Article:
Questions tagged [history-of-literature]

Use this tag for questions about historical development within literature: for example, the history of a particular literary theme or idea, or of literature in a particular country or context. For questions about real-world history as it relates to literature, use the [historical-context] tag instead.

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What does it mean to say “the future of the English language is grand but as far as its literature is concerned it seems bleak”?

An English professor commented that "the future of the English language is grand but as far as its literature is concerned it seems bleak". How can this sentence be interpreted? What exactly is the ...
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What is the origin of the trope of an evil character whose name is not permitted to be spoken?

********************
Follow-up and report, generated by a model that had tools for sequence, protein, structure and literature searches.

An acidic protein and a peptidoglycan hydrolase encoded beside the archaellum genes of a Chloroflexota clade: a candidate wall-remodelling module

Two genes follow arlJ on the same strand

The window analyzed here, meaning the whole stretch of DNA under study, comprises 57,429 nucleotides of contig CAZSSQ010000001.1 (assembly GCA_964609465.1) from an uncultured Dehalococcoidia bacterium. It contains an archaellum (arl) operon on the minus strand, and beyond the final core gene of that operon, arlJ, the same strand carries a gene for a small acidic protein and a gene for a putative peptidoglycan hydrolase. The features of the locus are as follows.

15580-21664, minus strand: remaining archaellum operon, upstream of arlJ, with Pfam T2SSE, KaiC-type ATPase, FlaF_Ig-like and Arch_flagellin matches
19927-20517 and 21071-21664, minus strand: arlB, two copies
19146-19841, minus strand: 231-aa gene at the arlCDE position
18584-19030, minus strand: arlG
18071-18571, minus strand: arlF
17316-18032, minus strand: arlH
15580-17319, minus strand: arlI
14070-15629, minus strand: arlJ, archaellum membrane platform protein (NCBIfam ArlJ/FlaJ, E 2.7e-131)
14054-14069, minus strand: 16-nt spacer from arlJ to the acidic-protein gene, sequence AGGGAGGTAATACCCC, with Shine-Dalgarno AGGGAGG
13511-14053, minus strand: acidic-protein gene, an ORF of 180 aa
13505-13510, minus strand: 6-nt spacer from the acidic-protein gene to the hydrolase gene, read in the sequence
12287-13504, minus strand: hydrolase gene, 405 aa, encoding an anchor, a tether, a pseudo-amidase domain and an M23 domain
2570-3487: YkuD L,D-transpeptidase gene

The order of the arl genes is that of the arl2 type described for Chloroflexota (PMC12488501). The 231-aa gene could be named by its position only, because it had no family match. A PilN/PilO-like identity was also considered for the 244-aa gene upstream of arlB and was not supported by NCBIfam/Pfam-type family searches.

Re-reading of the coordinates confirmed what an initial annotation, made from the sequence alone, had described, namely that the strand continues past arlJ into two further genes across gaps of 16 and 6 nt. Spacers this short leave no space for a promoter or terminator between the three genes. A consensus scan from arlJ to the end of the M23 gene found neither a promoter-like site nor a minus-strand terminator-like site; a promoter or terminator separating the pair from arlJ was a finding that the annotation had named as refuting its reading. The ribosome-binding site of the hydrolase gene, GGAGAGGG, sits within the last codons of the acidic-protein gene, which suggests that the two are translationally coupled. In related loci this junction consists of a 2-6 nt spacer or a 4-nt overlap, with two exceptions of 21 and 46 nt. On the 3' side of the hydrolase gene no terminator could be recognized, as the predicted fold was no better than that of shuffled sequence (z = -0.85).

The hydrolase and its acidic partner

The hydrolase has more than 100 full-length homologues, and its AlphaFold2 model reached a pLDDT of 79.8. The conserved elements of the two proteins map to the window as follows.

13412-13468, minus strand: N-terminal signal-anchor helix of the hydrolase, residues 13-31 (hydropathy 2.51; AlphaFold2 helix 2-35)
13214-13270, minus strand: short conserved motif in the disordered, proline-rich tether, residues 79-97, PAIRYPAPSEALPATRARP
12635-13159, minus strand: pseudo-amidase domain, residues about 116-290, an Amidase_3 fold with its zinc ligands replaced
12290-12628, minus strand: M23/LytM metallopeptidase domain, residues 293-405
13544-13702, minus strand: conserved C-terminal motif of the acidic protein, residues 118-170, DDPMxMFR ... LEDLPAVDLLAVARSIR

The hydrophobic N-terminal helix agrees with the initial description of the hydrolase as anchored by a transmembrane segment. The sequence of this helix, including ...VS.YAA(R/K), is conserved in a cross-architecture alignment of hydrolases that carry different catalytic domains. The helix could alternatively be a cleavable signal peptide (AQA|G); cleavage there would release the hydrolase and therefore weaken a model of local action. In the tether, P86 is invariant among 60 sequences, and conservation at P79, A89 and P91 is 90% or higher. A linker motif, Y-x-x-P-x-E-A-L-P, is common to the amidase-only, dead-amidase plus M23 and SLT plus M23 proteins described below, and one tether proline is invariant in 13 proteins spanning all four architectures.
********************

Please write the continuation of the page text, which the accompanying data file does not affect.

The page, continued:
Many works of fantasy involve an evil leader or "dark lord" whose real name is known but usually not permitted to be spoken, either by his own followers (out of respect?) or by others (out of fear?) ...
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How was poetry born? [closed]

It is probably impossible to know how literature or music were born. However I would like what research says about how poetry was born. Perhaps some people claim that it came into existence after ...
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Is A Supplement to the Journey to the West from the 17th century the oldest Chinese work of literature involving time travel?